The past two decades saw digital as if it was something separate and distinct from humans. It’s part of the reason we point at social media and iPhone apps and call them "digital" while sorting TV and outdoor posters into the analogue bucket.
The truth is, of course, that all media has now become a blend of digital and analogue. But more than that, our whole environment has become "mediated" by the internet and so there is no longer any digital divide.
All of this is about to become a lot more obvious once advertisers, publishers and retailers shift from using purely behavioural data towards using biometric data. It’s already happening, made mainstream by the iPhone X and its abilities in facial recognition.
Over in China biometrics are booming. You can already "smile to pay" at the counter of KFC in Hangzhou. At Alibaba, office workers don’t need a swipe card or a password because facial recognition affords them access. And at the Hen na Hotel in Tokyo, it’s not only an automated check-in but a keyless stay because facial recognition is the method of access for your stay in a hotel that is fully staffed by robots not humans.
We are at the start of an exciting new era in which biology is the next technology.
However, brands and agencies are slow to catch on. And it is hard to see how IT and biology can blend to become a communications solution and how that could be executed in a creative yet commercial way.
But the clues were all around as recently as last year. In 2017, the Wyss Institute for Biology Inspired Engineering together with the Harvard Medical School managed to encode a digital movie into the genomes of living bacteria. A wonderful demonstration of the original gif alongside the replication in the bacteria shows just how close to perfect the replication of the image of a cantering horse was. It signalled a future in which computers will use DNA to store data, and make calculations, and in which cells can record the changes they undergo and share that information with us to use and understand.
The year before, the band OK GO recorded their new album on DNA. As the lead singer says in the wonderful BBC documentary that filmed their experiment: "I recorded music in college fifteen to twenty years ago, that I can’t play anymore. I can’t find the right DAT machine which looked like it was the future then, but now I can’t even find one to play these tapes on." Damian Kulash goes on to explain that the way to think about the future of data storage is to think of our bodies as the hardware and DNA as the software, and given that music and entertainment is just data then there is no reason to think those 1’s and 0’s shouldn’t be on DNA. It begs the question, who will be the first to store their ad on DNA?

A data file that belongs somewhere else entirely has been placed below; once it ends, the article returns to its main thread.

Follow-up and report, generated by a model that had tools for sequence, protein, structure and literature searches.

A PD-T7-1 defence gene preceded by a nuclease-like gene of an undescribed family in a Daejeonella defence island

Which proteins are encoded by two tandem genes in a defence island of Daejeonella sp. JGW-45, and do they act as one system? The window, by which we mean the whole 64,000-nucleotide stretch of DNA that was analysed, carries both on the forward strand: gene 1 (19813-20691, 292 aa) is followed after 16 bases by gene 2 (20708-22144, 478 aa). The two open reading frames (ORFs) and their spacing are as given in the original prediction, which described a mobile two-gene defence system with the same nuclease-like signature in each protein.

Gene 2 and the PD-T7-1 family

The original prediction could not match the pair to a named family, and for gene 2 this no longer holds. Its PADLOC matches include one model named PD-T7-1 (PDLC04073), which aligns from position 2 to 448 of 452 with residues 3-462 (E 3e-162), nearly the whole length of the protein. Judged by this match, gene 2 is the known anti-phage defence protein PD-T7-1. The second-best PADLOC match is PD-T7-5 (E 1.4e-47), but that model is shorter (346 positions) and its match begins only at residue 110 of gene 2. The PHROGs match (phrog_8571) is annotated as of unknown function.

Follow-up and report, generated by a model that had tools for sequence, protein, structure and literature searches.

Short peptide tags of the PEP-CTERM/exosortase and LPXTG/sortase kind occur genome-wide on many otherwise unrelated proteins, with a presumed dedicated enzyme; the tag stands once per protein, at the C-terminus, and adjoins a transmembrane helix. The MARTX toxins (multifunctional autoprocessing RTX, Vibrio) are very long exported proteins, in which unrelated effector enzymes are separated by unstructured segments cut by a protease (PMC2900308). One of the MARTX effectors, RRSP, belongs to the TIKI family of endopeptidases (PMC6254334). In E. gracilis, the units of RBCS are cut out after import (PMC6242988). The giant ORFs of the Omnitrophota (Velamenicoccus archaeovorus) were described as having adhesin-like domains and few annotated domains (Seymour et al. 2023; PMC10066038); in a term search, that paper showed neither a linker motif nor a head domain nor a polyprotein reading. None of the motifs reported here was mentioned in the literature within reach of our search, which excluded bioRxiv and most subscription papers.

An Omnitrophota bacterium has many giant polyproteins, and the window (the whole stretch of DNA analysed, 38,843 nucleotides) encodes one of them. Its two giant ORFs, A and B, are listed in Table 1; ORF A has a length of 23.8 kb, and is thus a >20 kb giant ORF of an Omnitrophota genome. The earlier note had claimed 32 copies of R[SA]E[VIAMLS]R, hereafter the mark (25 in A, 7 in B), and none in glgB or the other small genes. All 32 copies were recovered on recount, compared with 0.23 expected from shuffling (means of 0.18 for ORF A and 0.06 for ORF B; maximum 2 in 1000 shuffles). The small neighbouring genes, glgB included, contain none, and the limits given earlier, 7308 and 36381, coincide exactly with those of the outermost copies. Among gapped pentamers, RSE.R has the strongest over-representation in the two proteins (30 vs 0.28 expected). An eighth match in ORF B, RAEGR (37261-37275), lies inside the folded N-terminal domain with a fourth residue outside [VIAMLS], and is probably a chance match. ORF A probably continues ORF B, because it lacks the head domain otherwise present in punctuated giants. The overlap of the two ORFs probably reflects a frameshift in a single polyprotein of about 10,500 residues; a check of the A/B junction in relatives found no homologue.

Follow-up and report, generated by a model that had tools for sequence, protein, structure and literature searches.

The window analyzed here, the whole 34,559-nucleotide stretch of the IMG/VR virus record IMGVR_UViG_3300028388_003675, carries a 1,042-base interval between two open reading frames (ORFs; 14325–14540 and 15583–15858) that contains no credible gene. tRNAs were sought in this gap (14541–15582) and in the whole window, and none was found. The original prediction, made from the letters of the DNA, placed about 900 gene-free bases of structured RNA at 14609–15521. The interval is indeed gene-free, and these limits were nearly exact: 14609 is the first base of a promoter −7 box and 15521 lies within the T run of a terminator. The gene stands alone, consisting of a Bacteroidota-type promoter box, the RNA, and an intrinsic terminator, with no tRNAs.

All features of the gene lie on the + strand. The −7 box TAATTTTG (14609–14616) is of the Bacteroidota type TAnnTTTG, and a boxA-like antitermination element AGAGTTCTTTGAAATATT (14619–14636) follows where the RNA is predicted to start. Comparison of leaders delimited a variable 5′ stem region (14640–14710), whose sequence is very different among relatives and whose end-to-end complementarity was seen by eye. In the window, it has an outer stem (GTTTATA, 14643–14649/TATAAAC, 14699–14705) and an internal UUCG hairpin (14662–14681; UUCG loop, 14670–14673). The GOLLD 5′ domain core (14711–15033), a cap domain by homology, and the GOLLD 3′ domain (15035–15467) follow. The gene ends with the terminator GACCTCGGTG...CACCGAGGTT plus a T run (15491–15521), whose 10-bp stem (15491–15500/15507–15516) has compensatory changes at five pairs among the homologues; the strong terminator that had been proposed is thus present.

There is so much more to come: with facial recognition, voice assistance and emotional analytics emerging and merging, we are just at the start of a new communications technology paradigm
Last week, Massive Attack continued the experiment as they marked the 20th anniversary of Mezzanine by storing the album in DNA molecules. It might be an expensive process but the value is clear: this masterpiece will be archived for hundreds, perhaps thousands of years, and available to be copied for ever more. As Andrew Melchior, the chief technology officer of Massive Attack, said to me, "it’s how to avoid nostalgia". And for anyone who has seen Blade Runner 2049, future searches of data stored on DNA could be the difference between knowing what is real and what is not.
This era has been a long time coming and I would argue started with the iPhone. Steve Jobs was a follower of Stewart Brand and an avid reader of his early 70’s "Whole Earth Catalogue" so much so that Jobs once described it as "Google in paperback".
It was the philosophy of whole-system thinking that treated the world, the whole world, as a tool kit to help us do things better - not obsessed by engineering and IT alone, but by ecology, communications, and the natural world too - the world made of flesh and bones and cells as well as the world made of silicon. It is no wonder then that the iPhone was the most intuitive, friendly and human of all the technologies of the last 40 years, often referred to as an extension of the human form. It pioneered "software" and in so doing was perhaps the best example of information biology so far. But there is so much more to come: with facial recognition, voice assistance and emotional analytics emerging and merging, we are just at the start of a new communications technology paradigm.
Kevin Kelly said many years ago that "there’s more information in biology for us to extract than there is in physics…there’s more data in the natural world than there is anywhere else". And it will be the brands who realise this first and start to treat communications as biological as much as something physical or digital that will win the battle for the most personal interface of all: you.
Tracey Follows is the founder of Futuremade
picture credit: Massive Attack - Mezzanine (Gatefold Cardboard Sleeve Edition) property of Circa Records Ltd